• Clause 25: We support giving the Valuation Office Agency (VOA) the power to share data on non-domestic rates with councils, which is not currently possible. The Government has consulted on council tax collection ("Improving efficiency of council tax collection"1) and through our response to this we are calling for the VOA to also have the power to share council tax data to match that proposed by the Bill on sharing business rates data.
  • Clause 26: We support Clause 26, alteration of non-domestic rating lists, which, if implemented, will allow for regulations to be introduced at a later date that would reform the business rates appeals process. There are currently around 300,000 appeals outstanding and councils are having to set aside around £1.75 billion to cover these potential costs.
  • However, the Chancellor's announcement on local government retaining 100 per cent of business rates by the end of this Parliament means this £1.75 billion figure could potentially double for councils if no action is taken. We are calling on Government to look urgently at reducing the risk for councils, for example through businesses self-assessing their rateable value at the time of business rates re-evaluation.
  • Clause 35: We recognise the need to protect public funds but have a number of concerns about the proposal for a public sector payment cap as currently drafted. For example, it is vital the proposed exit cap is flexible and also updated on a regular basis to take into account differences in pay increases in separate areas of the public sector.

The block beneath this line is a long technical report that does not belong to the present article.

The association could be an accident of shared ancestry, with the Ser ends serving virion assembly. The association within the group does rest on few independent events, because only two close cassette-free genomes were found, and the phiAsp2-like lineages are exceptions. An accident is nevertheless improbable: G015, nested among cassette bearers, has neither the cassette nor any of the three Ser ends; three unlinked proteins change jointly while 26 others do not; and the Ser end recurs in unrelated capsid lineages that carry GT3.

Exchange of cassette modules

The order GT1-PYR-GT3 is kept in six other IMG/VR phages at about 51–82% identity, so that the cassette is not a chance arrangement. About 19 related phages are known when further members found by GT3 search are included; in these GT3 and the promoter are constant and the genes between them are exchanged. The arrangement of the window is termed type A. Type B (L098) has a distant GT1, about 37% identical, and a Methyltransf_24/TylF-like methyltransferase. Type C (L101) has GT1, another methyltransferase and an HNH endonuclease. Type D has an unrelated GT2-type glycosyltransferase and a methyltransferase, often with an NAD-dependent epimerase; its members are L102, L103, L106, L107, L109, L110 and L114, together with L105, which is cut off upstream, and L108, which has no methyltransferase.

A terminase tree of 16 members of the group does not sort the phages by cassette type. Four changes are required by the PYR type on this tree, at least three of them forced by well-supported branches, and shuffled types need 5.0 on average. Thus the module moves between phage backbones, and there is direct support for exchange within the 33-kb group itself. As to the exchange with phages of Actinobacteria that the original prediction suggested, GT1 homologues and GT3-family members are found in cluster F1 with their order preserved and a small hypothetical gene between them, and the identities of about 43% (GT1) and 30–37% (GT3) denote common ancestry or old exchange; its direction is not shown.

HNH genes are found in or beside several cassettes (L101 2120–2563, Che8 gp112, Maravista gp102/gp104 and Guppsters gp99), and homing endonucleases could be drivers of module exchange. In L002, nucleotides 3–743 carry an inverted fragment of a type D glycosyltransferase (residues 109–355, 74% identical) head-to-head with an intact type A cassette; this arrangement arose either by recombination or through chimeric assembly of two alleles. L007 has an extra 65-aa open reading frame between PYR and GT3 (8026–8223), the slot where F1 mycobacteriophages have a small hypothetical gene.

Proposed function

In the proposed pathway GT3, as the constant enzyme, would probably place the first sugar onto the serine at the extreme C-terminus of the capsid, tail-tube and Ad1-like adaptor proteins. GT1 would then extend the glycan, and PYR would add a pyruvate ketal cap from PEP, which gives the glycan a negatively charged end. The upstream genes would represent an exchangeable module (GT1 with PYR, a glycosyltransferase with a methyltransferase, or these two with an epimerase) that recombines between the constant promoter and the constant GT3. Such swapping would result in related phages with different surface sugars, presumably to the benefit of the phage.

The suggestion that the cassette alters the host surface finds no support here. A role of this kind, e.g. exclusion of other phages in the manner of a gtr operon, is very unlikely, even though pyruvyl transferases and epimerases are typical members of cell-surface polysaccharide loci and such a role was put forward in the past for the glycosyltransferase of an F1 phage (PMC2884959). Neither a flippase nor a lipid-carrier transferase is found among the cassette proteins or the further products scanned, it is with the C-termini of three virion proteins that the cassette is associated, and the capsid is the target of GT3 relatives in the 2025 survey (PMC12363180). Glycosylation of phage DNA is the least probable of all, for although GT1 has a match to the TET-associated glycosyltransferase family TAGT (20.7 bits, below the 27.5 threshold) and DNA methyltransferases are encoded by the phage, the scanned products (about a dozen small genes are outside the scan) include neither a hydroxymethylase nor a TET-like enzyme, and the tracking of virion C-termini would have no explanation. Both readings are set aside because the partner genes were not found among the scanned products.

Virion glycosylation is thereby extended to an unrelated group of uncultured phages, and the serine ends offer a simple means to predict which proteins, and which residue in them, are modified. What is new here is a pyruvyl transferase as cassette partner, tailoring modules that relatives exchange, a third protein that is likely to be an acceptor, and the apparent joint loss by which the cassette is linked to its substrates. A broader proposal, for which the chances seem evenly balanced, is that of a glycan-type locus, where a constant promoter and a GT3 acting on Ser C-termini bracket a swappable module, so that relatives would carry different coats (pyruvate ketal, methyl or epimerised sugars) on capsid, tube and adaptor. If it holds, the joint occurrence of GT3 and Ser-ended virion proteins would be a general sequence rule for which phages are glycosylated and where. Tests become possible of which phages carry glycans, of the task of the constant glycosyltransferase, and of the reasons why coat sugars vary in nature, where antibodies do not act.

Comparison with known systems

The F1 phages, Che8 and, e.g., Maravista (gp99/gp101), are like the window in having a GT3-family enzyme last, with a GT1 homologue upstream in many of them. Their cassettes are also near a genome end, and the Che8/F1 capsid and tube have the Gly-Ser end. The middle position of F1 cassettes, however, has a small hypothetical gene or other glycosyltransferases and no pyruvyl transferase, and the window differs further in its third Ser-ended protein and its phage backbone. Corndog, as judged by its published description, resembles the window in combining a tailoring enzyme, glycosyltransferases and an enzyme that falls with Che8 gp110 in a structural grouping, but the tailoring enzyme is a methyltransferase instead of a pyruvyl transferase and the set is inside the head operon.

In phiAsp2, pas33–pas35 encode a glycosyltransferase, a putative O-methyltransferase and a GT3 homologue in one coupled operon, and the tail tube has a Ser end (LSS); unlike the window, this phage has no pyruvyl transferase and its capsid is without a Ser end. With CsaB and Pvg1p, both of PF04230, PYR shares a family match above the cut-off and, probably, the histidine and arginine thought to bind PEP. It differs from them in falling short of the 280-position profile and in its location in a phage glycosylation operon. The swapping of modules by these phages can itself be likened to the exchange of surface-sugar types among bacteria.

• Government should publish details on the implementation and scope of the cap as soon as possible in order to avoid negatively impacting on workplace restructuring processes in local authorities.
  • Further, we are calling for immediate discussions between Government and stakeholders on technical considerations on the proposed exit cap; such as if the cap will include other means by which an individual can access an unreduced pension. For example, the Local Government Pension Scheme allows members to take some or all of their pension whilst still in employment, meaning a pensions strain cost may not become payable at the individual's point of exit, but beforehand.
  • We also have concerns about how the proposed waiver process will apply in school settings where relevant governing bodies have their own decision making powers.

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Committee Stage, House of Commons, 11 February 2016